Universal Feeling – Part Four
If we experience regular overwhelm and have shifted into a state of autostress (experiencing physical symptoms of anxiety such as heart palpitations, breathing difficulties, headaches, and IBS on an ongoing basis), practicing relaxation is fundamental to feeling calmer. To understand why, we need to delve into the science of what’s happening in our bodies.
The fight, flight or freeze stress response is triggered by a part of our nervous system whose job it is to control our automatic functions (e.g. our breathing, heartbeat, and digestive processes). This part of our nervous system is called the autonomic nervous system (ANS). Our ANS is split into two branches: the sympathetic branch and the parasympathetic branch. These branches work opposite each other and only one can dominate at a time.
When we’re autostressed, our sympathetic nervous system goes into overdrive. This is what gives rise to the distressing physical responses we experience when stressed. To feel calmer, we need to balance the activity of our ANS by activating our parasympathetic nervous system (a.k.a. ‘the relaxation response’). This demonstrates a highly important fact: rest and relaxation are productive and vital to our wellbeing.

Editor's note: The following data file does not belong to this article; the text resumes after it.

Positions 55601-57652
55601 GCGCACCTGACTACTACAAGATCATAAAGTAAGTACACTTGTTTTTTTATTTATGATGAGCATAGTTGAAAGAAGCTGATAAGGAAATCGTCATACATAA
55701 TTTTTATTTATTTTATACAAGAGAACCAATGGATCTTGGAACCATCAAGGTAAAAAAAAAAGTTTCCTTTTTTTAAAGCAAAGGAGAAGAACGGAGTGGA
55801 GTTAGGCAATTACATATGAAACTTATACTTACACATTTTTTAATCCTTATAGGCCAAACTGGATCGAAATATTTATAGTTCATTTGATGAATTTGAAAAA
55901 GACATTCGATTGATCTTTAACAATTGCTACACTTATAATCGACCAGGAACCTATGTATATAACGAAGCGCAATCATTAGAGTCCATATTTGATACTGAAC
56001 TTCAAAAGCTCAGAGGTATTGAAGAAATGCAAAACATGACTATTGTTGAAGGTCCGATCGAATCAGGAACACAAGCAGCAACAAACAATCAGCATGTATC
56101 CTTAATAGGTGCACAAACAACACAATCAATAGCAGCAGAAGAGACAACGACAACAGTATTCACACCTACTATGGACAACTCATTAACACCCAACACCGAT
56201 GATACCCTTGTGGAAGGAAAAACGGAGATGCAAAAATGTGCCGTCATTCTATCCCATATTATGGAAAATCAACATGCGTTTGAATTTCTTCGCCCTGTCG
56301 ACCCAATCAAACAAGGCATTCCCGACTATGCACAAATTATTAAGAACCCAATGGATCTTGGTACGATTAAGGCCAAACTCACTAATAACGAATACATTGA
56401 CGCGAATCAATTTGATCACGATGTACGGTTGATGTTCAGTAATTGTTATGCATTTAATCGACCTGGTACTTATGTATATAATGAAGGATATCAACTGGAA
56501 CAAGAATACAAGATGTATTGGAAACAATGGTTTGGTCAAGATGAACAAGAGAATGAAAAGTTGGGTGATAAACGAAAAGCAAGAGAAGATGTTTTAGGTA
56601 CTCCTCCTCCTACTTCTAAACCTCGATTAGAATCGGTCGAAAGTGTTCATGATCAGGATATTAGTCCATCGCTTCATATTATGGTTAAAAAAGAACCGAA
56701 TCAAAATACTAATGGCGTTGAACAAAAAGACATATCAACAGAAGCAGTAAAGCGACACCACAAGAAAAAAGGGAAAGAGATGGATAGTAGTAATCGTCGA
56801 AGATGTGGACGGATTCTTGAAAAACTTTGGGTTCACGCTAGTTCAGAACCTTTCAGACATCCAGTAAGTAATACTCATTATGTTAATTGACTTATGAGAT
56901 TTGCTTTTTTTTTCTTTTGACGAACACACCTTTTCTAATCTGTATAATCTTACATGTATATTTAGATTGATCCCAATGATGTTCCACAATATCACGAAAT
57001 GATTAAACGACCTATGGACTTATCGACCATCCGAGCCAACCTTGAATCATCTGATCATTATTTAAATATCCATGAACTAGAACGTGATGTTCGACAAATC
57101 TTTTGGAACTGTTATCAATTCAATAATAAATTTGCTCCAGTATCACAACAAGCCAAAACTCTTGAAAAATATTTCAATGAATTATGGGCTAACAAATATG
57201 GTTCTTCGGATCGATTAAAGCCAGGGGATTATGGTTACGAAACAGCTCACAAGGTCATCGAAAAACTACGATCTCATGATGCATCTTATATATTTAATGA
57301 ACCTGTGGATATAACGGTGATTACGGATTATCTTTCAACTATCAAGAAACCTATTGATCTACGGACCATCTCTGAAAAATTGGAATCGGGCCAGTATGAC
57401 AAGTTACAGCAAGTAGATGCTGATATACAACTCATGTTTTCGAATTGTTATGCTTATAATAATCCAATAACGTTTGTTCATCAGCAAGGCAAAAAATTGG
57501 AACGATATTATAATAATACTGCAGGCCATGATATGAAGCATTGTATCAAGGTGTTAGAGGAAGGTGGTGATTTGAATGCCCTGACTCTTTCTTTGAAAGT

Personally I enjoy enjoying soothing practices – restorative yoga, conscious breathing, mantra and mindful walks. All of these choices are guided by the intention to promote the functioning of my parasympathetic nervous system. I also enjoy writing, photography and filming in the city for creative practices to lose myself in. When it comes to relaxation – and enhancing our mental wellness in general – different things work at different times for different people.
What we need to do is become the scientists of our own wellbeing, trying and testing different methods to discover what works best for us. It’s also important to remember that relaxation is a skill. Finding it difficult to relax is extremely common. Practice makes progress. Here are 4 things I’ve discovered work well for activating my relaxation response:
Peace and Love, Jim